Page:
Yes, because the new Canadians will be learning about our lives. Treaties are already recognized within the Constitution. I believe that in educating the newcomers, that's key. Like I said previously, I'm really excited for this process and that these discussions are occurring. This should have happened a hundred years ago.
     With that, I just want to say thank you, Chief Poitras. As well, if you could, give my best to one of my favourite Albertans, Leroy Little Bear from Banff. He's one of the people I depend on for a lot of knowledge. He was so instrumental in my understanding of so many different concepts within aboriginal and constitutional law.
    Thank you.
     I will. Thank you.
    Thank you very much.
    Ms. Normandin, you have two and a half minutes. Please go ahead.


    Thank you very much, Mr. Chair.
    Thank you again, Chief Poitras, for what you said in response to my last questions. I also thank you for taking the time to document and explain what you said.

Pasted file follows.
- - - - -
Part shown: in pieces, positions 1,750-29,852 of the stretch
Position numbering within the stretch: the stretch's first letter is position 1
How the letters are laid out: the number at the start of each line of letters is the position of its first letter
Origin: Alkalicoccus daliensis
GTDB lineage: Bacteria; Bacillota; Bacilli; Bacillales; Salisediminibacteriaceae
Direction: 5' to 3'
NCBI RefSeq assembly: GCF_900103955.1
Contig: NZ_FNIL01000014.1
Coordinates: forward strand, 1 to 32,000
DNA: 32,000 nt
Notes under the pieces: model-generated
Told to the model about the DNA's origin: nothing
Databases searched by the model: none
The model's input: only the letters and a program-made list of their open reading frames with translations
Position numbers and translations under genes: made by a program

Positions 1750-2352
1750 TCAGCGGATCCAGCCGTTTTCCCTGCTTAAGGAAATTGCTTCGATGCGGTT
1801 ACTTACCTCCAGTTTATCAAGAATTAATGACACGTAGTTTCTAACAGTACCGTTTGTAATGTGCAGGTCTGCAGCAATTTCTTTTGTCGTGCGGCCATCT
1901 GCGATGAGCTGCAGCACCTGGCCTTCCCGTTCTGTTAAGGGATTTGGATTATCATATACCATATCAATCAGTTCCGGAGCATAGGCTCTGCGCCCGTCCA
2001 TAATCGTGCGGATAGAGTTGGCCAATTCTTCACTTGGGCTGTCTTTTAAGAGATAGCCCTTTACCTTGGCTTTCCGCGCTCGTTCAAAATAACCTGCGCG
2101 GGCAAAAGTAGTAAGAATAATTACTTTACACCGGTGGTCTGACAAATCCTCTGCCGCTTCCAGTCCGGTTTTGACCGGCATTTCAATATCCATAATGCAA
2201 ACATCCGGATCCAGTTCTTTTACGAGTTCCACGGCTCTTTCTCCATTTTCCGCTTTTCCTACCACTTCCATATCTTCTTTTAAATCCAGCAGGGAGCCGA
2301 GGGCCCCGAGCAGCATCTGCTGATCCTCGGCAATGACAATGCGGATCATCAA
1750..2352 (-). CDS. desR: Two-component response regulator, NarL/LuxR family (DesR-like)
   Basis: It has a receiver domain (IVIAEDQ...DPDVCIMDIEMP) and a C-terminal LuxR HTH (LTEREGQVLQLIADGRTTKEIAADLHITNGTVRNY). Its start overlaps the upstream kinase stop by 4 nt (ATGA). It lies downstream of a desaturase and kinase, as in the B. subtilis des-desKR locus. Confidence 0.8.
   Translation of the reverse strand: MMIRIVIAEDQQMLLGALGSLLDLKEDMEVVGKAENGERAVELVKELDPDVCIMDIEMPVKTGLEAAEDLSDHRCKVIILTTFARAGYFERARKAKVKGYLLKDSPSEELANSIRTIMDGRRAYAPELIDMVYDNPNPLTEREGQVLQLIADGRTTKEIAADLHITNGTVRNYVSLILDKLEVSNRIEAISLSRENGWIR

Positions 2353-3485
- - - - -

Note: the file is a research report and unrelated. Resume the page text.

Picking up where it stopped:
If the bill had included the exact text of call to action number 94, it would not necessarily have been perfect—nothing ever is—but would it have been acceptable? It wouldn't have been perfect, but would it have been acceptable to you?


    Yes. Like I mentioned previously, my great-grandfather signed adhesion to treaty, and to include “treaty” in the citizenship oath—it is already included in the Canadian Constitution—would go a long way, because our ancestors fought hard. I know of elders who taught me a lot about treaty and who have passed on. They said that they had been at it for 50 or 60 years of their lives in advocating for this to occur. With it happening now, it's exciting, and I'm glad to be a part of that.


    Thank you.
     For the Bloc Québécois, there is the issue of the Constitution, but all parliamentarians will have to work together to finalize the bill.
    Do you think it would be a good thing for us to try, if possible, to achieve unanimity on the bill, or even speed it up so that it can be passed before the next election?


    Absolutely. I think that by all parties coming together unanimously on this, it's a good indication that our treaties and our inherent rights are being recognized in the way that they should have been a long time ago. I believe that will go a long way in building trust with indigenous people in Canada.


    Thank you very much, Chief Poitras.
     I think that's all the time I had, Mr. Chair.


    Thank you so much.
    Ms. Kwan, you have two and a half minutes. Go ahead.
    Thank you very much, Mr. Chair.